His Holiness the Dalai Lama with some of the students that attended their interactive meeting at Rhodes House in Oxford, UK on September 14, 2015. Photo/Jeremy Russell/OHHDL

Three groups of children asked questions. The first was about Syrian refugees. His Holiness voiced appreciation that their problems are beginning to be taken seriously. He noted that it is necessary to be practical because taking them in requires in the long term providing them with education, support and jobs. Even more important is resolving the problems in their own countries that cause them to become refugees. The second group of students told His Holiness they had three rules:

“Be kind, be kind and be kind.” His Holiness agreed saying:

“That’s right because our own welfare is related to the rest of humanity. We have to think of the welfare of all human beings.”

The third group offered him a basked of eggs from the chickens they look after.

Speaking to Fellows of the Dalai Lama Centre for Compassion (DLCC), His Holiness suggested that despite it being the beginning of the 21st century, we are hampered by old ways of thinking that give rise to man-made problems. He cited the way Russia and China have recently mounted displays of military strength, proudly showing off their weapons.

His Holiness the Dalai Lama addressing Fellows of the Dalai Lama Centre for Compassion at Magdalen College in Oxford, UK on September 14, 2015. Photo/Keiko Ikeuchi

“We need to acknowledge that we all want to be happy and don’t want suffering. To do that we need to improve education and raise awareness.”

To a suggestion that it may soon be possible to eliminate pain by taking a pill, His Holiness declared himself sceptical that mental unease could be overcome the same way. He said:

“I doubt that this will allow us to overcome our disturbing emotions. They are part of the mind and need to be tackled within the mind. What’s much more important is coming to understand the whole system of emotions. This is something ancient Indian psychology had a profound understanding of. Tibetans have nurtured and kept this knowledge alive.”

His Holiness spoke of three divisions of the content of traditional Buddhist literature: science, philosophy and religion. Of these, science and philosophy can be of interest to anyone on an academic level, while the religious aspect is the business of Buddhists. His final suggestion was to explore how to combine compassion with a proper sense of reality.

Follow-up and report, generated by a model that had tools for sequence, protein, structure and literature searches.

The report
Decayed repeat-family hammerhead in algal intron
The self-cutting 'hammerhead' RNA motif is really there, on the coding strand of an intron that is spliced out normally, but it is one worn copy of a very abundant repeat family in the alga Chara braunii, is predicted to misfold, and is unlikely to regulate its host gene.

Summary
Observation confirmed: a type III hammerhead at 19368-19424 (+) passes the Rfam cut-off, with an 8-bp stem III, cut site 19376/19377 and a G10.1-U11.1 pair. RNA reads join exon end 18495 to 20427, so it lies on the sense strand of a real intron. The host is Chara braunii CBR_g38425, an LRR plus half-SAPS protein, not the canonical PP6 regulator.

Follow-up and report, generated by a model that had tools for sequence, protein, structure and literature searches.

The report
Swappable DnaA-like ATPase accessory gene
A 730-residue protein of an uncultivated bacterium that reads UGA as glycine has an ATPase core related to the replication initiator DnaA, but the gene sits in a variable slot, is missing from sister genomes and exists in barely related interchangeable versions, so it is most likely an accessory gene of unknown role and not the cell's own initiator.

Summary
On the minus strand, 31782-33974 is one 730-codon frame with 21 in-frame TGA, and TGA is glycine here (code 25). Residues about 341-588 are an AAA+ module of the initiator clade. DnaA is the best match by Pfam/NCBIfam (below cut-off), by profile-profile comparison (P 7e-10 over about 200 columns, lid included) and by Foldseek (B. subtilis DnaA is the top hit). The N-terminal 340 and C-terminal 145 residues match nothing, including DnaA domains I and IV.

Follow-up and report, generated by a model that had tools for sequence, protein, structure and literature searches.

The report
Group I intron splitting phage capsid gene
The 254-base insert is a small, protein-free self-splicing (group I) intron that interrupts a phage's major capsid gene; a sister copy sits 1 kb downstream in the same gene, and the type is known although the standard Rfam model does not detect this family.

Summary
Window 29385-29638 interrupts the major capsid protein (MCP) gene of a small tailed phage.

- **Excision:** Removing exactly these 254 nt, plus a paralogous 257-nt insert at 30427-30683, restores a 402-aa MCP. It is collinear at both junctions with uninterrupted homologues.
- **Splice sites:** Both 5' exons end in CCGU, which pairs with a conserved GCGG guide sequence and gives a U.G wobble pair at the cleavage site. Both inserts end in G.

Meeting members of the Oxford Tibetan Studies Department after lunch, they first presented him with a volume they had all signed in tribute to Anthony Aris, who is gravely unwell.

His Holiness the Dalai Lama meeting with members of the the Oxford Tibetan Studies Department in Oxford, UK on September 14, 2015. Photo/Jeremy Russell/OHHDL

In his remarks His Holiness mentioned that when Buddhism came to Tibet it was relevant and useful. Warlike Tibetans became more compassionate and peaceful. He counselled them to consider what in Tibetan studies would be relevant today and told the story of a former Tibetan official who was working cleaning vegetables in the USA. His colleagues noticed that he set worms and bugs aside and took them out to release them at the end of his shift. When they asked what he was doing he told them that Tibetans have a deep reverence for all forms of life, and that there was no need to kill these creatures. Soon, many of them too began to follow his example.

“Tibetans have their own culture,” His Holiness said. “It’s not Chinese culture and it’s worth preserving. What’s more, it’s culture, language and religion that unify Tibetans today.”

In the final gathering of the day, part of the inauguration of the DLCC, in conversation with his old friend Alex Norman, His Holiness recounted lessons from his own life. He stressed the need to encourage education, which he regards as our only hope. He observed that while the religious and philosophical aspect of religion may be fairly constant, where cultural aspects are out of date, they need to change.

His Holiness the Dalai Lama speaking at Rhodes House as part of the inauguration of the Dalai Lama Centre for Compassion in Oxford, UK on September 14, 2015. Photo/Keiko Ikeuchi

Once again emphasising the need for secular ethics he noted that while Dr Ambedkar and India’s first President, Rajendra Prasad, were deeply religious, the constitution they drew up for newly independent India was strictly secular. He repeated that such a secular approach continues to be relevant and appropriate today. He suggested that scientific findings indicate that basic human nature is compassionate. Meanwhile common sense tells us even if it is not very well off, the family that is kinder and more compassionate is happy. The wealthy who lack basic affection and are afflicted by jealousy are unhappy.

When challenged, he replied that there is certainly a role for religion, but because this or that religion will never have universal appeal, secular ethics is more relevant today. Asked for any final advice for the people before him, he replied:

“Be realistic. When the old pretend to be young and the foolish pretend to be intelligent, it is better to just be realistic. Changing the world is up to us. If each of us tries, the next generation may see a happier, more peaceful world emerge. I have appreciated being here with you, thank you.”